Finding and Strengthening Meaning During the Pandemic
The pandemic has caused a lot of soul-searching and deep questions on the meaning of life. The biggest one is whether people can find deeper meaning in their lives through COVID-19, but they are also asking why things like this happen. Let's address these questions in this post:
Why do bad things happen?
For “good” things (i.e. things you want) to exist, “bad” things (i.e., things you don’t want) also have to exist. The reason is that, as Shakespeare wrote, nothing is inherently good or bad, but thinking makes it so. COVID-19 might seem like an indisputable “bad” thing, but what if it killed the next Hitler? What if it saved millions of lives because of the catastrophes it averted? Then, it might be considered a good thing with unfortunate, devastating collateral damage. Fires can hurt you or cook your food, mold can irritate your lungs or break down rotten food to fertilize soil, and bacteria can infect you or help you digest food in your intestines. Similarly, for growth to occur, there has to be something you don’t have that, if you grow, you will have in the future. That’s how growth works. If you had everything, you couldn’t grow. You could never have a new idea, a new solution, or a new experience.
What is deeper meaning?
Deeper meaning either refers to solidifying or strengthening the meaning you’ve already established or finding “greater” meaning—i.e., meaning that’s greater than yourself. We'll discuss both in the following answer.
How can I find deeper meaning through COVID-19?
There are a few ways to find or strengthen your meaning during the pandemic:
- The contrast between your current state and your desired future state triggers desire – If you want financial growth, you want $1,000,000 more than you want $5. The reason is that the contrast between your current wealth and your wealth plus $1,000,000 is so much more, thus making the higher value more desirable. One way to generate contrast is to increase your desired future state. The other is to have a worse current state. COVID-19 is a prime example of this: people are dying, and you have to stay inside to slow the spread of the virus. Your ability to do what you want in life is severely inhibited. That inhibition is generating a strong desire to be with other people, to live life to the fullest, and to GO OUT! In that sense, this event is fueling our desires for when it’s over to do things we were putting off or taking for granted before. You already had those desires, but they “deepen” when they are either taken away from you or you are at a high risk of losing everything.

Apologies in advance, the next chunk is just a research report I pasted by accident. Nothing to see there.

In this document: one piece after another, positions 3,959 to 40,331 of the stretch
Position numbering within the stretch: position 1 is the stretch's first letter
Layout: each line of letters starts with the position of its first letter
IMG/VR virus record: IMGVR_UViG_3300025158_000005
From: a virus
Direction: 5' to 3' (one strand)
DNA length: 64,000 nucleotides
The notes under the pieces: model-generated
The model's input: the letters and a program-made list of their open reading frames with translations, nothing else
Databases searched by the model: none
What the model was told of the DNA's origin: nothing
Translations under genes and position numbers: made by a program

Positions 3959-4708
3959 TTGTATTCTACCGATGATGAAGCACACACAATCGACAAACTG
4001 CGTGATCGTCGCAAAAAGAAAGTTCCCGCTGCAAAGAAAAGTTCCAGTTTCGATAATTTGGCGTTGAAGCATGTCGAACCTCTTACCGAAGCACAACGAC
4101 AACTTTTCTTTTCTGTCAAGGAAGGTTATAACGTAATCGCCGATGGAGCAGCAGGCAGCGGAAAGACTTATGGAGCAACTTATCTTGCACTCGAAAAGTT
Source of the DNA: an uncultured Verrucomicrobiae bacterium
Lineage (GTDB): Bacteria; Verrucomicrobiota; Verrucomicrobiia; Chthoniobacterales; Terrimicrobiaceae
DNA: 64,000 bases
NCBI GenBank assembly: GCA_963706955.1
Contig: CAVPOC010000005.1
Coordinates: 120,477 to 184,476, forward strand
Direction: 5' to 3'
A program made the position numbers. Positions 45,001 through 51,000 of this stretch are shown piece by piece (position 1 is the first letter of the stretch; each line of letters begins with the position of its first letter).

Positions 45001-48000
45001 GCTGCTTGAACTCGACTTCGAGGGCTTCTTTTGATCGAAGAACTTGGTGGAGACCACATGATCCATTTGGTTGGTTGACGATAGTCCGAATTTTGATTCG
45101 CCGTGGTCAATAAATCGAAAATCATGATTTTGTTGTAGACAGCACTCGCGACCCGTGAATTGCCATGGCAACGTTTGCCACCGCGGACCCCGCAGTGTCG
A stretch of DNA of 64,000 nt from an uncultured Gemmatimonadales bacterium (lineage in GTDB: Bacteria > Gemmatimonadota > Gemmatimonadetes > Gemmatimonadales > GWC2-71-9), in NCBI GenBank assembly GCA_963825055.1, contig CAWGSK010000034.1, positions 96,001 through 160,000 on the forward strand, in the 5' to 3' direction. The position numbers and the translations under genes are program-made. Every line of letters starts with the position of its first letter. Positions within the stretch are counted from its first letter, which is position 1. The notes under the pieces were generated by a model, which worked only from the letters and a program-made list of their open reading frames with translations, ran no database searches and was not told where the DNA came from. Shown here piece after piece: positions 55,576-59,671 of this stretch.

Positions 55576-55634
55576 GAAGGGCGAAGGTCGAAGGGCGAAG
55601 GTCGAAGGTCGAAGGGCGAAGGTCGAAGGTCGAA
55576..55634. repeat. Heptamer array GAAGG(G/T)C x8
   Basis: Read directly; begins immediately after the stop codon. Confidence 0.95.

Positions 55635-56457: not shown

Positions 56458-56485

- This is an opportunity to support the cause of humanity vs. yourself – “Greater” purpose usually means a purpose beyond yourself. When all of humanity is banding together to address a crisis, staying home isn’t just a selfish act but rather what’s good for yourself and others. If you volunteer, donate, make masks, deliver products safely to the elderly, get the vaccine, or anything else that helps us get through this event, your purpose is exponentially greater than just focusing on your day-to-day wants and needs.
- This is an opportunity to focus on things you usually put off – Many people have projects at home, time they didn’t have to spend with family, or some deep soul-searching that they wanted to do but could never find the time for. Many people can (and will) use this time to focus on things that daily out-and-about life normally prevents you from focusing on. While many people will look at what they can’t do and build desire for those activities, others might see this as an opportunity to build desire for things they wanted to do and now can with stay-at-home orders and shutdowns.
Ultimately, it’s up to you to find that deeper meaning in life through this event. Can you help other people and find greater purpose through this event? Can you build desire to do the things you always wanted to do when this is over? Can you do the things you never had time to do inside by yourself now while you have the opportunity? If you can do those things, then you can find deeper or greater meaning through the pandemic—or anywhere for that matter.